I’m not perfect. Don’t we love to pithily drop that aphorism? What we really mean is, I’m pretty darn close. In this book, Farley calls us out. He even calls out those prideful people who struggle with low self esteem. He quotes Edward Welch, “Low self esteem usually means that I think too highly of myself. I’m too self-involved, I feel I deserve better than what I have” (47-48). Some of us are masters at hiding our pride—even from ourselves. We can even make it look meek.
Farley brings the shame back to pride. You might pick this book up like I did, wanting to be further inspired in your quest to be humble. And as you begin to read, Farley makes a great case for humility. We simply cannot live the Christian life without it. “Just as unbelief is the source of pride, faith is the beginning and source of humility” (28). “It is the necessary fertilizer that nourishes love, joy, peace, patience, kindness, goodness, faithfulness, gentleness, and self-control” (31). But as much as we concur with these sentiments, our pride works overtime to sabotage God’s humbling of our hearts. Farley calls pride unreality on steroids.
As he broke down some of the symptoms of a prideful heart, like critical speech, spiritual elitism, grumbling, and avoiding confrontation, I started to see a picture of myself. I wasn’t so inspired. And that made me wonder why people talk about eating a piece of humble pie. Pie is yummy and delicious. I prefer to say that I had egg on my face. Farley continues to gracefully throw eggs at any reader who will listen.
Our generation has done well preaching the love of God. The problem Farley points out is that we’ve stopped preaching and talking about the wrath of God. He points out the necessity of explaining the bad news so that we can even see the good news. Without the bad news of God’s wrath over our sin, we keep feeding our fantasy life steroids. Sure, we recognize that we are not perfect. But in our imagination, we aren’t too shabby. We think we are pretty good. As my siblings and I say, we’ve got a case of the “pretty derns:” We think we’re pretty dern moral, pretty dern giving, pretty dern smart, pretty dern compassionate…And many churches encourage this message. We don’t see sermon titles on the church sign that read, “The Difficulty of Escaping the Damnation of Hell,” or, “God Makes Men Sensible of their Misery before He Reveals His Mercy and Love.” And yet, our country’s greatest revival came from sermons such as these. The sinner needs to be humbled by the law before they can see their need for grace. “Humility is a by-product of seeing God in his glory” (150).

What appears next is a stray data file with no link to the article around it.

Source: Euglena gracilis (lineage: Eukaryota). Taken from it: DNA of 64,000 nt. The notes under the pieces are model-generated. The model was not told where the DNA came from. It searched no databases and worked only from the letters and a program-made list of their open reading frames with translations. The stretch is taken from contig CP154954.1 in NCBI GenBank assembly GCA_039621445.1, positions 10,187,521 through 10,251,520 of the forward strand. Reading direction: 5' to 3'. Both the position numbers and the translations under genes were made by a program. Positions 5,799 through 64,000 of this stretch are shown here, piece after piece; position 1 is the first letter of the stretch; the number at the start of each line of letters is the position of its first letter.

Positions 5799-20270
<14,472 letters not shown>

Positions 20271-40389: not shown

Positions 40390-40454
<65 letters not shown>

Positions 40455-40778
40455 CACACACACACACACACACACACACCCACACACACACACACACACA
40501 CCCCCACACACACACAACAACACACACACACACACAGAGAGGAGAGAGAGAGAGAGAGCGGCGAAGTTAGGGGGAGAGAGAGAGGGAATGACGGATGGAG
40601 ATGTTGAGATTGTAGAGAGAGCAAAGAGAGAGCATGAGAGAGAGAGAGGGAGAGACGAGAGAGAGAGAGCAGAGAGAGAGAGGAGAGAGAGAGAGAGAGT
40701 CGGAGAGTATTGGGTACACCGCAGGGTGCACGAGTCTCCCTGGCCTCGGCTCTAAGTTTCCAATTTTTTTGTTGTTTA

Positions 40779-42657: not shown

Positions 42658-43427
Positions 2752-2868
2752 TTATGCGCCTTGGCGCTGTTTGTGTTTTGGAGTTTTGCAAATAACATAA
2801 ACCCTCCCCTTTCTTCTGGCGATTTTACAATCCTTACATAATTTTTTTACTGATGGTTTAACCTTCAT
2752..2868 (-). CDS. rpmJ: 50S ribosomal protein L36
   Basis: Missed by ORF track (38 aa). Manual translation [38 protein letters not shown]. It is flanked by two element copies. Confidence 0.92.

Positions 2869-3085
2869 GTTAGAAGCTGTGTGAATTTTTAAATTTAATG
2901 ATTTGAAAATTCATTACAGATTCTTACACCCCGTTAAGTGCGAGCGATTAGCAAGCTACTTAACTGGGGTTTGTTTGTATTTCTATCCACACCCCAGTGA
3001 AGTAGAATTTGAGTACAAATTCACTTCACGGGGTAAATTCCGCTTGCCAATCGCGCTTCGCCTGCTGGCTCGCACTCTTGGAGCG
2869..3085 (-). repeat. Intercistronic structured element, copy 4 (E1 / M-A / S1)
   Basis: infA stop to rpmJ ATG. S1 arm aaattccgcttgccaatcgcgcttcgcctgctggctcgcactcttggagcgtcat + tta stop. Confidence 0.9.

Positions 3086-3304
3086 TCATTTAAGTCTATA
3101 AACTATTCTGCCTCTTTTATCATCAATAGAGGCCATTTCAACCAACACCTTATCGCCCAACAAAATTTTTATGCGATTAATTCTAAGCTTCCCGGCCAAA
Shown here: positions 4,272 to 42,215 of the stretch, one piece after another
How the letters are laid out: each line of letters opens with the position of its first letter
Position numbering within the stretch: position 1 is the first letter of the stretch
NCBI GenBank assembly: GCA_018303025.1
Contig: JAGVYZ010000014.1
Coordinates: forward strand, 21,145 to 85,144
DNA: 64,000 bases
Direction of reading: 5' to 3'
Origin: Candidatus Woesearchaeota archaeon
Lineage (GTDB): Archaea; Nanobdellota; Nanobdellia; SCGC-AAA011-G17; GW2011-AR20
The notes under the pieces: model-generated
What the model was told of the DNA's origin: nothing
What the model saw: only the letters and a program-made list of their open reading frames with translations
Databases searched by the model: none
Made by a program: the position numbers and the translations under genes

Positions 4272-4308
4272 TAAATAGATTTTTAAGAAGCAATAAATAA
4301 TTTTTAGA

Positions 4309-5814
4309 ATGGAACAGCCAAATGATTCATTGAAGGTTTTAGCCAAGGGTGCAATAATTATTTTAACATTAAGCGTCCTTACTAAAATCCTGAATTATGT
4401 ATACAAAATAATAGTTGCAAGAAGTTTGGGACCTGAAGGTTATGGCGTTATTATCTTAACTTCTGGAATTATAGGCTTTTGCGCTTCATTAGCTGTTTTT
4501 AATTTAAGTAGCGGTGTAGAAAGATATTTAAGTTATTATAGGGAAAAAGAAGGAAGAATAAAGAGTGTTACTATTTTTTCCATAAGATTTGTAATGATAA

One part of the book I particularly appreciated and learned from was the connection between our pride and the fear of man. Churches follow all kinds of wordly trends to feign attractiveness to the unbeliever. Pastors are tempted to cater their message for a larger appeal. Farley encourages us to be faithful to the message, not the crowd. This applies to our conversation life as well. We treasure the praise of our peers over sharing both the bad news and the good news. According to Farley, fear of man stems from unbelief and a failure of love. We overcome this by a proper fear of God, and love for God and man. Humility.
He closes with a chapter on the power of a humble believer. After serving up a convicting gut check on intellectual pride, spiritual pride, selfish ambition, and pride in your giftedness, Farley offers up the most powerful part of his book: hope for proud Christians. This is where he really brings our pride issues to the cross, to the One who was humbled in our place. He explains how Jesus atoned for our pride, that his life and death motivates us to pursue humility, how in love he helps us to grow in humility, and that this good news should completely astound us! That’s gospel-powered humility.